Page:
"How long are you funded?"

In my experience at Heylog, I often encountered a common concern from larger customers: they wanted to know our financial runway, or more precisely, how long we were funded.

This question wasn't just about our current financial health. It was really about assessing the risk of doing business with an early-stage startup. They needed to be sure that we could sustain operations for as long as our business relationship lasted.

My response was always honest. We had secured funding for more than a year ahead and were actively pursuing additional financing to ensure the continuity of the company.

Financial runway is by no means an indicator for reliability

The reality, however, is that mostly profitable businesses, as small as they might be, are the companies you really want to do business with – and not the heavily funded startups who yet have to to figure out how to build a lasting (= profitable) business.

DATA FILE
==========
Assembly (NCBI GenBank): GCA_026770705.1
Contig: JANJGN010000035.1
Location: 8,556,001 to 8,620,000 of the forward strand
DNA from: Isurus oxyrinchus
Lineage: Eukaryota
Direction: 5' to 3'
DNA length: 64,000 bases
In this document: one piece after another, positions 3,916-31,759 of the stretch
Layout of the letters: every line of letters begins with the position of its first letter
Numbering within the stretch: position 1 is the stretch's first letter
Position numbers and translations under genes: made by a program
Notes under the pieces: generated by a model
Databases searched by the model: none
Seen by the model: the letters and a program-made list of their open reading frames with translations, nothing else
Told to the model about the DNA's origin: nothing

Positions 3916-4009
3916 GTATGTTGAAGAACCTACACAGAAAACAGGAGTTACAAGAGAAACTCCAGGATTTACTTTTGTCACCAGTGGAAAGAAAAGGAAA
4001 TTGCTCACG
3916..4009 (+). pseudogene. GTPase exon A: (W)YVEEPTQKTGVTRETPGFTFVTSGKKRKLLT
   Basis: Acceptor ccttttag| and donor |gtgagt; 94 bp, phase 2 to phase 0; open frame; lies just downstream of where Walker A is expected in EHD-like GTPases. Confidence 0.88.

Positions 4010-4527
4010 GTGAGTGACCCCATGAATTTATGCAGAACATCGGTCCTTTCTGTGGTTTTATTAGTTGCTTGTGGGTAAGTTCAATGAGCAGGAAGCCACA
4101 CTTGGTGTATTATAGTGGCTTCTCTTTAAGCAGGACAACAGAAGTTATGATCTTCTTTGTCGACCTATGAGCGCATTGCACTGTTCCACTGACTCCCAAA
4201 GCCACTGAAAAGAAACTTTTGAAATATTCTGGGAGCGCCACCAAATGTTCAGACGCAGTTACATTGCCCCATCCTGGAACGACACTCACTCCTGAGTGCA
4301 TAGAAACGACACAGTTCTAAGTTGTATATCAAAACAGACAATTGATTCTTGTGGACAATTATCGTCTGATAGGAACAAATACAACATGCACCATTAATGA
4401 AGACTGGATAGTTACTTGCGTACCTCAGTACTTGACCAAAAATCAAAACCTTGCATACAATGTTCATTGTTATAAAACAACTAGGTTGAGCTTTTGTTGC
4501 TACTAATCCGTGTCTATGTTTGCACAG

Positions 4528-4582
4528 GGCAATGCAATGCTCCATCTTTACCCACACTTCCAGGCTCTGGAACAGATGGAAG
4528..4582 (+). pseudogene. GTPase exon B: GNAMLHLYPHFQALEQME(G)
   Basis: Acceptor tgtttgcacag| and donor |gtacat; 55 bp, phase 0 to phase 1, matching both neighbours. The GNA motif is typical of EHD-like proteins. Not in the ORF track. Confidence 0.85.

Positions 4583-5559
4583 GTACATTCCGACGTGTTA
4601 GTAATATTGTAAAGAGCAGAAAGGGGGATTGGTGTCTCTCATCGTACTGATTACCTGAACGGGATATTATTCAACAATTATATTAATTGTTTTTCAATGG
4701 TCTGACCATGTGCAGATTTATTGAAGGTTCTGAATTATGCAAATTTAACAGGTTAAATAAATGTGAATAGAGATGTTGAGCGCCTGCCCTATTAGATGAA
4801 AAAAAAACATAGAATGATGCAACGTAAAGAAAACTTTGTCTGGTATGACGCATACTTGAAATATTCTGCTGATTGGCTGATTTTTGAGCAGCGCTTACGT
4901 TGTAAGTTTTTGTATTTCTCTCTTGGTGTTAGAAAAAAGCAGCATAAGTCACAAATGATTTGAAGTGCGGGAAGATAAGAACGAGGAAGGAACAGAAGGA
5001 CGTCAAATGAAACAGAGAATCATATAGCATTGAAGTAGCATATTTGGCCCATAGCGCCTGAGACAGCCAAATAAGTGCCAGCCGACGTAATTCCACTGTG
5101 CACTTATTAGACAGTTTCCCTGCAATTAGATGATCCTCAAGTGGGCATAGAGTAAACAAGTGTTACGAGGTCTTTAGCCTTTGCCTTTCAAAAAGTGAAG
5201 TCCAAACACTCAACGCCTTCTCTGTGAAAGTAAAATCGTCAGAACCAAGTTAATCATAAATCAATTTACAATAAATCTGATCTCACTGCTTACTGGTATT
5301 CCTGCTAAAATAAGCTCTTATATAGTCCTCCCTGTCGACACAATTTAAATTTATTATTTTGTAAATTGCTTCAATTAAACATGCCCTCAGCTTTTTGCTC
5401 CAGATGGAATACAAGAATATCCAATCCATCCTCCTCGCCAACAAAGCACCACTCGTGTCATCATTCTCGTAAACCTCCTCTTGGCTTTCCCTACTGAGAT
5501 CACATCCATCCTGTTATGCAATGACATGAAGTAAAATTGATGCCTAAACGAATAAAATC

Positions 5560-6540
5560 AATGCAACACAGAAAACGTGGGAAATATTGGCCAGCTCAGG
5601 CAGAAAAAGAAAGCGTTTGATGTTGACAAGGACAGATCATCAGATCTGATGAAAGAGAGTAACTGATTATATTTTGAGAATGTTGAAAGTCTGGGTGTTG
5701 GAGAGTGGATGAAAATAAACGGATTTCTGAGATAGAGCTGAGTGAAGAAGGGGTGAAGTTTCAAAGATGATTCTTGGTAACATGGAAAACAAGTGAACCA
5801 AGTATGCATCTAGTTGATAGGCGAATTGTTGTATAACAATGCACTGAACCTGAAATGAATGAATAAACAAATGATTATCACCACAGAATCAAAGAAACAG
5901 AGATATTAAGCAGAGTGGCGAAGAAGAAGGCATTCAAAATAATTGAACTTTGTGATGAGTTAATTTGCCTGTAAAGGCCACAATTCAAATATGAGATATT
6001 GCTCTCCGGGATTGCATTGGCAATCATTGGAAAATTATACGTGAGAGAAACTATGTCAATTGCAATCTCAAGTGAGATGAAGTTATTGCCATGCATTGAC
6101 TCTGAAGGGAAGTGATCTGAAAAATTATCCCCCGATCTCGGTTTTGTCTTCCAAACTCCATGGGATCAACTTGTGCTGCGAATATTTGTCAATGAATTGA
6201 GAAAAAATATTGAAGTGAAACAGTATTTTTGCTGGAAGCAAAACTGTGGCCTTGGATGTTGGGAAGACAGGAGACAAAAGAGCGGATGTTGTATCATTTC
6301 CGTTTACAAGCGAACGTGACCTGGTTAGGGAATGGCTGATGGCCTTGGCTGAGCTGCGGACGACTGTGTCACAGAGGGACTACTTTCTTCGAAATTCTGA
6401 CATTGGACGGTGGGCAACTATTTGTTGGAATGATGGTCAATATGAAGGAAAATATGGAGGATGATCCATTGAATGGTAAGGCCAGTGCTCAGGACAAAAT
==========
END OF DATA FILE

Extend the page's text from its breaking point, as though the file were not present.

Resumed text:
Electric scooter company Bird files for bankruptcy | TechCrunch
Bird has filed for Chapter 11 bankruptcy, capping off a turbulent year for the electric scooter company after it was delisted from the NYSE.
The company went public in late 2021 via a SPAC merger, but in a crowded market built on questionable economics, its stock went into a perennial nosedive, with its market cap dropping from more than $2 billion at its New York Stock Exchange (NYSE) debut to just $70 million 12 months later.

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